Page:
THE WORLD CUP is over the for the Socceroos and the coach knows why – they didn’t score enough goals. But whose fault was that, asks RON REED:
AS YOU would expect from such an astute coach, Bert van Markwijk has accurately put his finger on the reason his – our – Socceroos didn’t make it far into the World Cup. In fact, we didn’t make it anywhere: fourth in a four-team group, no wins, no goals other than penalties and no excuses. Just another anti-climax, one more among many across the last two decades, both in qualifying (Iran 1997, anyone? Uruguay 2002?) and at the big dance itself.
The veteran Dutch mentor reckons – correctly enough — we were a bit stiff this time, having played as well as France and better than Denmark and Peru, without much to show for it in terms of luck (yes, Peru’s first goal was at least borderline offside) or in actual achievement. The problem, he said with an early entry for the “no shit, Sherlock” award for statement of the obvious, was that they had no-one capable of scoring enough goals. “You need individual quality to decide games, you need to find a goal, and I could not find that solution,” he said. Perhaps he just didn’t look hard enough – or didn’t trust what he saw. For sitting right next to him throughout the campaign was the best goal-scorer Australia has ever had, unemployed until the second half of the last game by which time it was, realistically, too late by half for Tim Cahill to pull off a miracle. Whether he might have done so if given the opportunity against Denmark, or earlier than he was against Peru, nobody will ever know, but the debate over the gaffer’s stubborn refusal to find out certainly wasn’t diminished by the reality that the Socceroos never looked more dangerous than when Cahill and exciting teenager Daniel Arzani were finally unleashed after the interval. Yes, in soccer at this stratospheric level there is a certain sophistication to strategy decisions that is not necessarily clear to casual observers and van Marwijk had his reasons for calling it the way he did. But surely, in all sport, sometimes the bleeding obvious should not be ignored. Cahill is a proven matchwinner and all of these matches were there to be won so, regardless of his age or match fitness, it just doesn’t make much sense to not let him try. Certainly, the status quo – leaving him to cool his heels on the bench – did not work, that is now indisputable, and the coach now departs his post with a mixed public critique of his performance. “It was not a success but it was not a failure either,” he said. Perhaps – but could it have been so much more? Again, neither he nor we will ever know – and for the fans, that’s frustrating.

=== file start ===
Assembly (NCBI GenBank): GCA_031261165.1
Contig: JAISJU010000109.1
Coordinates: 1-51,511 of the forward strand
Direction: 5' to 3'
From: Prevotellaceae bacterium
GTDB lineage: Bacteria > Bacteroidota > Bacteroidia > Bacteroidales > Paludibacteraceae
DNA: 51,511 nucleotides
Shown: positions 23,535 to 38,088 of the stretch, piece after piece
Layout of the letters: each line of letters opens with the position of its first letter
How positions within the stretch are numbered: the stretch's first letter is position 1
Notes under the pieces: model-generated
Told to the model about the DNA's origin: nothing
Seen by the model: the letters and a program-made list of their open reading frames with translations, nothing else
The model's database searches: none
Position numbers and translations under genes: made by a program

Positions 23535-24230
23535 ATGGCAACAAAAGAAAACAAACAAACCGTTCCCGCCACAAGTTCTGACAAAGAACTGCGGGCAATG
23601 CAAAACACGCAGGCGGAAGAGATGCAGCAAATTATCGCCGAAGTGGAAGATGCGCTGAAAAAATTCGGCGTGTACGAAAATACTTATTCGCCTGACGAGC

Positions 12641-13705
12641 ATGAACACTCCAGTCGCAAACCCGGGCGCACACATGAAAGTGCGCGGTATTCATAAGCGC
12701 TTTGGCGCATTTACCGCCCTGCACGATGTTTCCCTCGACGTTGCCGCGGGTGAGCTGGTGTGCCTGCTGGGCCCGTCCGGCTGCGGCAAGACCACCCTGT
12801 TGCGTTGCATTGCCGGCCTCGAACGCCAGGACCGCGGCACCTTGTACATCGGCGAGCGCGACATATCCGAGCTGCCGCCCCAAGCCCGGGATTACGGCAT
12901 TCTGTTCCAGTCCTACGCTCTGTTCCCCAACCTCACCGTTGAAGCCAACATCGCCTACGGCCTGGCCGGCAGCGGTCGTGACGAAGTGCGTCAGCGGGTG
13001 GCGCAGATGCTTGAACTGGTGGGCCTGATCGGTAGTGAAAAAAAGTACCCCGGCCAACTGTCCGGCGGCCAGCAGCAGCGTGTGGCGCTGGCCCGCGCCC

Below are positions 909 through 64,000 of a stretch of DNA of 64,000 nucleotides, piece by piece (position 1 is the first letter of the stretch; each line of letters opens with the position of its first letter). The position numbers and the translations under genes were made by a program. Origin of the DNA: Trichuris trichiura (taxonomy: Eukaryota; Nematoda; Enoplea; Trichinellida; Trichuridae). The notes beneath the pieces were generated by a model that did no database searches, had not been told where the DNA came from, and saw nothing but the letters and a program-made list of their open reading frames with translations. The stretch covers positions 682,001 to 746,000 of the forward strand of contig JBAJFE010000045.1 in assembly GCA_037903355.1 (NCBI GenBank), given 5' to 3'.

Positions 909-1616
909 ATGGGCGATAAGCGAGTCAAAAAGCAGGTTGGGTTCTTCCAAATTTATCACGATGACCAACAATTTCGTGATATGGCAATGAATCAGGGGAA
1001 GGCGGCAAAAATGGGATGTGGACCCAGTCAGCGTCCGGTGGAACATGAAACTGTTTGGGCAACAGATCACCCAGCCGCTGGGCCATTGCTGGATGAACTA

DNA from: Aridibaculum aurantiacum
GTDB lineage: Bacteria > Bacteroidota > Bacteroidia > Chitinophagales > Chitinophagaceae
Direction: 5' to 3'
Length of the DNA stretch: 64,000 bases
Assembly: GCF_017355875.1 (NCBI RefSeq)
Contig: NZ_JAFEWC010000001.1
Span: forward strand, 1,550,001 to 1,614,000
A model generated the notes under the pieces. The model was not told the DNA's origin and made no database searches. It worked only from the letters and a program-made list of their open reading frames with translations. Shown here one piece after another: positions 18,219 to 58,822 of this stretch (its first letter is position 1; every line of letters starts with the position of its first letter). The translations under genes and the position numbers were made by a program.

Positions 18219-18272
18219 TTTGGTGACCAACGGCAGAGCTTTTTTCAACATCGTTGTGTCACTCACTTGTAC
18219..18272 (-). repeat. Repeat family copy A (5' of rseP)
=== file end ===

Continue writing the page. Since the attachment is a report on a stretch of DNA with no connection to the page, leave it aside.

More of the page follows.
It is disappointing that Cahill’s stellar international career has ended on such a note, as it surely has even though he declined to address his future in the emotional aftermath. He may or may not be Australia’s greatest player – Harry Kewell probably sits in pole position on that one – but he is definitely in the conversation. He had a knack of producing inventive, exciting strikes at crucial moments and nothing about soccer is more captivating than that, so as he departs he deserves a standing ovation from Australian sports fans in general.
It will be interesting to see what form the post-mortems take because, while qualifying for the World Cup finals is not a failure in itself, in fact it is a significant feat, there is a strong school of thought that having done so four times in a row now the time has surely arrived where more can be expected. More broadly, the game is patently not enjoying maximum health in Australia, hindered by political unrest, interest in the A League declining and not much international success among the under-age ranks. The shock departure of the Socceroos’ established coach Ange Postecoglou was surely an alarm bell ringing loudly, a symptom of a general malaise.
Soccer’s status in Australia remains ambiguous. It has to compete with three other major football codes and struggles to keep pace with at least two of them, despite attracting kids in their droves. It is worth keeping that in mind when assessing performances on the world stage, where the vast majority of nations have no such distractions. The interest in the Socceroos always multiplies many times over when the World Cup rolls around, and not for the first time this has prompted suggestions that they are now the nation’s No 1 international sporting brand, overtaking the age-old custodian of that title, cricket. Well, yes, cricket certainly is enduring tough times of its own for the moment – but it hasn’t quite come to that yet.
Author: Ron Reed
RON REED has spent more than 50 years as a sportswriter or sports editor, mainly at The Herald and Herald Sun. He has covered just about every sport at local, national and international level, including multiple assignments at the Olympic and Commonwealth games, cricket tours, the Tour de France, America’s Cup yachting, tennis and golf majors and world title fights.